The Olentangy River Watershed
The Olentangy River flows 88.5 miles from its headwaters in Crawford and Richland County through Marion and Morrow County into the City of Delaware and ending in Franklin County at its confluence with the Scioto River. The Olentangy River has a drainage area of 536 square miles. Twenty-two miles of the Olentangy were designated a state Scenic River by the Ohio Department of Natural Resources in 1973. The designation runs from the Delaware Dam, north of the City, to the old Wilson Bridge Road in Worthington.
The city was awarded the Ohio EPA’s Ohio Gulf Hypoxia Assistance grant in the fall of 2020. The funding will go towards developing a strategic plan to address nonpoint source (NPS) pollution in the Delaware Run watershed region. We need community feedback on where to focus our improvement efforts.
NPS pollution results when rain or snowmelt moves over or through the ground, picking up pollutants like fertilizers, herbicides, sediment, etc., depositing them in streams and lakes and thereby impacting water quality, aquatic life and drinking water. The city and its partners are seeking input from the community on what problems are impacting local waterways, where these problems exist, and what sort of efforts the community is already implementing to help. Given the diverse land use in the area, the surveys have been split into two broad categories: agriculture and urban. You do not need to be a Delaware city resident to complete either survey and are welcome to complete both of them a single time.
Local knowledge is an invaluable resource. The information gathered in these surveys will help guide the strategies selected to improve the Delaware Run watershed and help to ensure our resources are protected for the enjoyment of generations to come.
Link to the agriculture survey: https://www.surveymonkey.com/r/NRNCQGT
Link to the urban survey: https://www.surveymonkey.com/r/XZHPGCQ
Ohio EPA Events
In partnership with the Ohio Environmental Protection Agency’s Ohio Environmental Education Fund Grant, Public Utilities will be working with Ohio Wesleyan University and Keep Delaware County Beautiful to hold two events this fall. Details Here.
7th Annual NOW Festival
If you missed the Virtual NOW Festival live-stream on July 18, the program was recorded and can be accessed here.
- Rain barrels and water pollution prevention
- Fish and bugs found in the Olentangy and their habitats
- How to recycle the right way
- Kayak safety
For more information email Caroline Cicerchi.
- The City of Delaware Public Utilities offers discounted rain barrels year-round to residents, in coordination with its Small Municipal Storm Sewer System (MS4) Permit with the Ohio EPA. The barrels vary in color and size based on what is in stock. To purchase a barrel, please contact the Watershed Coordinator.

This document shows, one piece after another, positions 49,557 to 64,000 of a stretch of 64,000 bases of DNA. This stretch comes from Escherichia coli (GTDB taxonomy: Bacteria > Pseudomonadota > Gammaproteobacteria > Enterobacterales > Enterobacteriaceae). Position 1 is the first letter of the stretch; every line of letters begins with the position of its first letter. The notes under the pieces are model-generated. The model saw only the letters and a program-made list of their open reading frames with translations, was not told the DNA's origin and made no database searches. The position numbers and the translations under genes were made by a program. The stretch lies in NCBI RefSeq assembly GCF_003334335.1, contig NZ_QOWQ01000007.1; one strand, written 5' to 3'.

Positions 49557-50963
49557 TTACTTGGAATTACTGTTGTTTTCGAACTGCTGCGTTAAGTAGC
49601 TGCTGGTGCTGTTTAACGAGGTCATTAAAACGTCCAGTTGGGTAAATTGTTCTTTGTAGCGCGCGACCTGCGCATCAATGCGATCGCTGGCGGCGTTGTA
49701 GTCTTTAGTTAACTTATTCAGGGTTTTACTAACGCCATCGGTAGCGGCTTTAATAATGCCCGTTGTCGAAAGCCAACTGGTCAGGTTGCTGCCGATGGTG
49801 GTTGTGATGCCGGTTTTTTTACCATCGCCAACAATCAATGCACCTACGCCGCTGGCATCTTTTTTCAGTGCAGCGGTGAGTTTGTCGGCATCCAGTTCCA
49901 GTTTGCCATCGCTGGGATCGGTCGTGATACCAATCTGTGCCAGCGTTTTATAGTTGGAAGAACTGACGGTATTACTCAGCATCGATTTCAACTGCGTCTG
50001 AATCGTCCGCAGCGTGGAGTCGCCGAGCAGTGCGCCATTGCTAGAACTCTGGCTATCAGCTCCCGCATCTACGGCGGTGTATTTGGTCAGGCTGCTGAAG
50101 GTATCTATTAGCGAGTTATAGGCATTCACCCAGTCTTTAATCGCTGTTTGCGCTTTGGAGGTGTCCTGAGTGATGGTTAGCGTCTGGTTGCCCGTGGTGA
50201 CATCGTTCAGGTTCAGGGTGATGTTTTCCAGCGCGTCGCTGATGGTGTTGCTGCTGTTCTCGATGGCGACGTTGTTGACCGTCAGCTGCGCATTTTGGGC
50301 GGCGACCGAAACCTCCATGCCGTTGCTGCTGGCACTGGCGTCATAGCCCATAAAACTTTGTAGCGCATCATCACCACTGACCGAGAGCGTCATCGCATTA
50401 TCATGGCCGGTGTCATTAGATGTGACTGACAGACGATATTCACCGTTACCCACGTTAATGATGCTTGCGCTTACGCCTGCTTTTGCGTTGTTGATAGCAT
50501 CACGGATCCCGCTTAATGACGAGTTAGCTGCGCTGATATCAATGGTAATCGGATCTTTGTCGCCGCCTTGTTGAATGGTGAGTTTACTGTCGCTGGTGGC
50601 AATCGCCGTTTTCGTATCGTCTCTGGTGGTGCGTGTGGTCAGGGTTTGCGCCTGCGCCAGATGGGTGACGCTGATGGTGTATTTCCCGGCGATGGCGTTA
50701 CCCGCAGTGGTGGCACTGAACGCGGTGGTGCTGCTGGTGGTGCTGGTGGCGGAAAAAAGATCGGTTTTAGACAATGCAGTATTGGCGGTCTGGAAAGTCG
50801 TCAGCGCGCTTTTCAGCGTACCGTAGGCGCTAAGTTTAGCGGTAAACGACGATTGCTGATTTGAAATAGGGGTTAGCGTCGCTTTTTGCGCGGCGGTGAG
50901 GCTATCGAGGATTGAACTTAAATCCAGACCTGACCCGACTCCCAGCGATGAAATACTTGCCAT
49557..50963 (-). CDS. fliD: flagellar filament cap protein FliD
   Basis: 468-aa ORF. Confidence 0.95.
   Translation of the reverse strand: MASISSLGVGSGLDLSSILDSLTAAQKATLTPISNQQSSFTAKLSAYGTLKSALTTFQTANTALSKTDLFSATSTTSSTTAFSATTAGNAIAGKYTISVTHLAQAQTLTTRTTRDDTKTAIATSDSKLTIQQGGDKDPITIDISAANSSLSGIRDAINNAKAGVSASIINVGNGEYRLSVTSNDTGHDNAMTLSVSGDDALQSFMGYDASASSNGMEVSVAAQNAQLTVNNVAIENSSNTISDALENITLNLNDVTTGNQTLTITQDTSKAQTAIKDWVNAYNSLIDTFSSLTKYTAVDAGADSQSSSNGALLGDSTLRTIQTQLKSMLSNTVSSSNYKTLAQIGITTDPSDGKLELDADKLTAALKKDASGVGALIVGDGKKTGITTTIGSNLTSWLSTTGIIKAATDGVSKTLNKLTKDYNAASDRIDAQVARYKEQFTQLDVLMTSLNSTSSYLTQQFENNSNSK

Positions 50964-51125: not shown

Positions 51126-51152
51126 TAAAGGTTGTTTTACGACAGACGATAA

- Rain barrels connect to downspouts and store rainwater for reuse. There are many benefits to them including reducing stormwater runoff, watering gardens, and lowering water bills.
- Rain barrels can also be the perfect canvas for works of art. Every June, a rain barrel raffle takes place during the NOW Festival, with over a dozen locally painted barrels raffled off. Are you interested in showing off your art skills or have an interest in sponsoring a barrel on behalf of a local painter? Reach out to the Watershed Coordinator.
- Watch a demonstration on how to install your rain barrel here.
- Watch for more information on these on this page, or on the Public Utilities Facebook Page.
- More information on rain barrels can be found here
Olentangy River Watershed Success Stories
Olentangy River Clean-up: August 22, 2020
Public Utilities and Keep Delaware County Beautiful partnered to hold the annual Olentangy River Clean-up on August 22 at Mingo Park. Two groups of ten volunteers, with staggered check-in times, helped collect 45 bags of trash and 1,060 pounds of scrap metal. The scrap metal was recycled and the money generated was donated to the Olentangy Watershed Alliance. Two bikes, an old typewriter, part of an old vacuum, and a toy gun were pulled out.
Bio-Retention Cells on OWU Campus
Two bio-retention cells were installed in Spring 2018 on the campus of Ohio Wesleyan University, near Branch Rickey Arena. Bio-retention cells are stormwater utilize soil, mulch and vegetation to treat runoff from impervious surfaces such as rooftops, sidewalks and roadways. All species in the gardens are native to Ohio, which minimizes the need for maintenance, watering and pesticides. The plants have a high moisture and pollutant tolerance that will allow for the uptake of nutrients. The flowers were carefully selected by city staff to attract a diversity of wildlife including Monarch butterflies, bees, hummingbirds and other pollinator species. The project was funded through the City’s storm water fund in compliance with with Ohio EPA.
The Delaware, Knox, Marion, Morrow Joint Solid Waste District
The City of Delaware is part of the DKMM district, a political subdivision funded by a fee on solid waste generated within the district. DKMM funds programs that provide education about and alternatives to disposal of generated wastes. These programs include: recycling, composting, education and awareness, solid waste environmental and monitoring and household hazardous waste, electronics and tire collections. DKMM Special Collection Events
How Can You Protect Our Olentangy River Watershed?
Email City of Delaware Watershed/Sustainability Coordinator Caroline Cicerchi or phone her at 740-203-1905.